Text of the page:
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Paint thinners found in gravy powder

Lidl hides poison food warning from shoppers
Slough families at serious risk
25 January: Lidl removes product recall notice

Reporter Paul Janik : Photographs Sahida Khan & Jas Singh

One of Slough's biggest supermarkets is criticised for covering-up a safety alert - putting hundreds of local families at risk of agonising food poisoning or worse.

Lidl in Farnham Road has hidden away a product recall notice telling shoppers that some gravy it sold is dangerous, it must not be used and should be returned for a full refund, an exclusive Slough Times investigation has revealed.

On 25 January a Slough Times assistant discovered Lidl had removed the only Product Recall Notice from its Farnham Road store (picture g3194 below).

The poisonous gravy vanishes but product recall safety notices still missing.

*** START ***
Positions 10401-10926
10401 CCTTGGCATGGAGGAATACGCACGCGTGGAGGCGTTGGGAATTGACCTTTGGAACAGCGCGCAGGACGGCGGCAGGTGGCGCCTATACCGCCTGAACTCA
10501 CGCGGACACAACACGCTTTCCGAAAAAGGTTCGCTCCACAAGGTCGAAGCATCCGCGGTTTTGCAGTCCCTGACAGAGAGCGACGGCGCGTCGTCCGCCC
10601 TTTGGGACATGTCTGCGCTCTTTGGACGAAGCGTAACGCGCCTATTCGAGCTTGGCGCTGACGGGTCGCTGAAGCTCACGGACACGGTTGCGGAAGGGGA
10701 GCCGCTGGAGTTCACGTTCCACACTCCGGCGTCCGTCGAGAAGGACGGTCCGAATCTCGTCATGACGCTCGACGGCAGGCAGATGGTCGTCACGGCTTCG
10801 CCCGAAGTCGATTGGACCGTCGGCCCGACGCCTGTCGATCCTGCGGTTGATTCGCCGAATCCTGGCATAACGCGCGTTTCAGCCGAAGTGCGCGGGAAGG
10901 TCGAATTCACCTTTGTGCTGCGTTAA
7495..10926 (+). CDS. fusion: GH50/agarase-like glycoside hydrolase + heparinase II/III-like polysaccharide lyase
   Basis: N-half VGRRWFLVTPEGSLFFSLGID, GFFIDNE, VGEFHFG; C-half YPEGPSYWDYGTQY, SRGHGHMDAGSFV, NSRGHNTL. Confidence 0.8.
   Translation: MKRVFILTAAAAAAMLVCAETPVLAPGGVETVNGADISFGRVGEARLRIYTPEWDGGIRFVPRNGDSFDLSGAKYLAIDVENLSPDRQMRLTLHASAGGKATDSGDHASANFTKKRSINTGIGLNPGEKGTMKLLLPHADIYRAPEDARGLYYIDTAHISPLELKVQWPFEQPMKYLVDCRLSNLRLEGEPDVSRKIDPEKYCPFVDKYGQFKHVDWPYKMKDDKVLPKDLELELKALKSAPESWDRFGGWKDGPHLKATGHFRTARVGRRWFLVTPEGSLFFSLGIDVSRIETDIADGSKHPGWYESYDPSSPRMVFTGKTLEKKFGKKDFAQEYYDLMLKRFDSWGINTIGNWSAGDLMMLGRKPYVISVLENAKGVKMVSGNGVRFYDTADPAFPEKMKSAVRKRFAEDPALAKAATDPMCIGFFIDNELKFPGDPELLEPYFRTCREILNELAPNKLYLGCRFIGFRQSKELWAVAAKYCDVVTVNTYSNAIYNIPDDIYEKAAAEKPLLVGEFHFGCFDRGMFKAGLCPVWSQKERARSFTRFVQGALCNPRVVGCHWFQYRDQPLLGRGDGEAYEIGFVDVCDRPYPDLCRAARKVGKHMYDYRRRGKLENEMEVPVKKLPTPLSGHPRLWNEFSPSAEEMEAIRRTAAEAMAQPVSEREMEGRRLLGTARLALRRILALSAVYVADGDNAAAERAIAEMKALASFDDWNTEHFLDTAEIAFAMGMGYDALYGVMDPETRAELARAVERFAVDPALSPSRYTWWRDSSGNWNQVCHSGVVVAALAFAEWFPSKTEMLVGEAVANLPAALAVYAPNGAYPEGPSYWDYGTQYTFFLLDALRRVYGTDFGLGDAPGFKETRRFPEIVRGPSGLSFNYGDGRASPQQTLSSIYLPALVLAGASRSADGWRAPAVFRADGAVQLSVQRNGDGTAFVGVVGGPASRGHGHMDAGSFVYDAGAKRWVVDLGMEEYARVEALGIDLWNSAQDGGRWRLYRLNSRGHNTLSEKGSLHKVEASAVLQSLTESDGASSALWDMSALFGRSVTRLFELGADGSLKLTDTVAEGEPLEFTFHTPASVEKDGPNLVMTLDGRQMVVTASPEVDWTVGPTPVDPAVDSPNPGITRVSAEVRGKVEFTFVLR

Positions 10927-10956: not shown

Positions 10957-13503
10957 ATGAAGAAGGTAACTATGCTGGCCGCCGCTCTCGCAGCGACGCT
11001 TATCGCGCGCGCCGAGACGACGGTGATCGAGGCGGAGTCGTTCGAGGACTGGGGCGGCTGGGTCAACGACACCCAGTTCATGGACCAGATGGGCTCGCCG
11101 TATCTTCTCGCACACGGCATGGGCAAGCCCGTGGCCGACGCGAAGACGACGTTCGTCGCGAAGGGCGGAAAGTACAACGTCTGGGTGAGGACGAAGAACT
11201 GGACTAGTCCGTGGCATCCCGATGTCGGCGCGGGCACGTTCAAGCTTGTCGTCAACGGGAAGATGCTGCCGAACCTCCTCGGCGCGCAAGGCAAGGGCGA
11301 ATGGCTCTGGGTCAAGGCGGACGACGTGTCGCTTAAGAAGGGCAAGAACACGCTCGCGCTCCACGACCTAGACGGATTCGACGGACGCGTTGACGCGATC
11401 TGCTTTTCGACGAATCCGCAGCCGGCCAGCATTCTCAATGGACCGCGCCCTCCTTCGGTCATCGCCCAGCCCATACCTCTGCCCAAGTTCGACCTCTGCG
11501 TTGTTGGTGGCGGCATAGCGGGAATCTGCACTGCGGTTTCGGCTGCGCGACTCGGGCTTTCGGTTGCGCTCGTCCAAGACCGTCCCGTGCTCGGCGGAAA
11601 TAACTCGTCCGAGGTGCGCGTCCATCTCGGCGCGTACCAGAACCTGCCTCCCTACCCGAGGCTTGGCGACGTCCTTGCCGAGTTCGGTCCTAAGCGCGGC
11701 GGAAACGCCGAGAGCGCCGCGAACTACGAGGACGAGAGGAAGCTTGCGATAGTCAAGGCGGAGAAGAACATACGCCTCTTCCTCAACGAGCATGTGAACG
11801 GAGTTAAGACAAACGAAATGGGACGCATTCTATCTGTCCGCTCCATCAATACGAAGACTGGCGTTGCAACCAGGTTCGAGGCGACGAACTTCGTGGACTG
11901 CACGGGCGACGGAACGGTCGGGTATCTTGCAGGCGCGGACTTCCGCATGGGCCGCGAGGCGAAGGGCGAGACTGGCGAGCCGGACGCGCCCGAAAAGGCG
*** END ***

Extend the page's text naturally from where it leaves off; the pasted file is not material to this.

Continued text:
The Poison Gravy Alert

A Welsh father's claims he and his family had suffered stomach cramps, headaches, dizziness and breathing difficulties shortly after eating the gravy with their dinner on 29 November were reported in The Independent newspaper on 18 December 2016.

The family's health scare happened almost 3 weeks before the English Food Standards Agency issued their Product Recall Notice on 17 December 2016.

According to The Independent Lidl knew of the food poisoning dangers and the urgent need to stop the public consuming the harmful gravy powder on Thursday, 5 December 2016 almost 2 weeks before the government issued a public safety alert.

The dangerous products are:
Kania Gravy Granules for Meat
Kania Gravy Granules for Chicken

All batches stamped
OCT2017
NOV2017


On Monday 2 January 2017, Slough Times investigators asked customers at Lidl's Farnham Road store, Slough, if they knew anything about the poisonous gravy. None of the 23 customers asked knew anything and none had seen any safety notice or any notice about gravy exhibited within the store or at the store's entrance.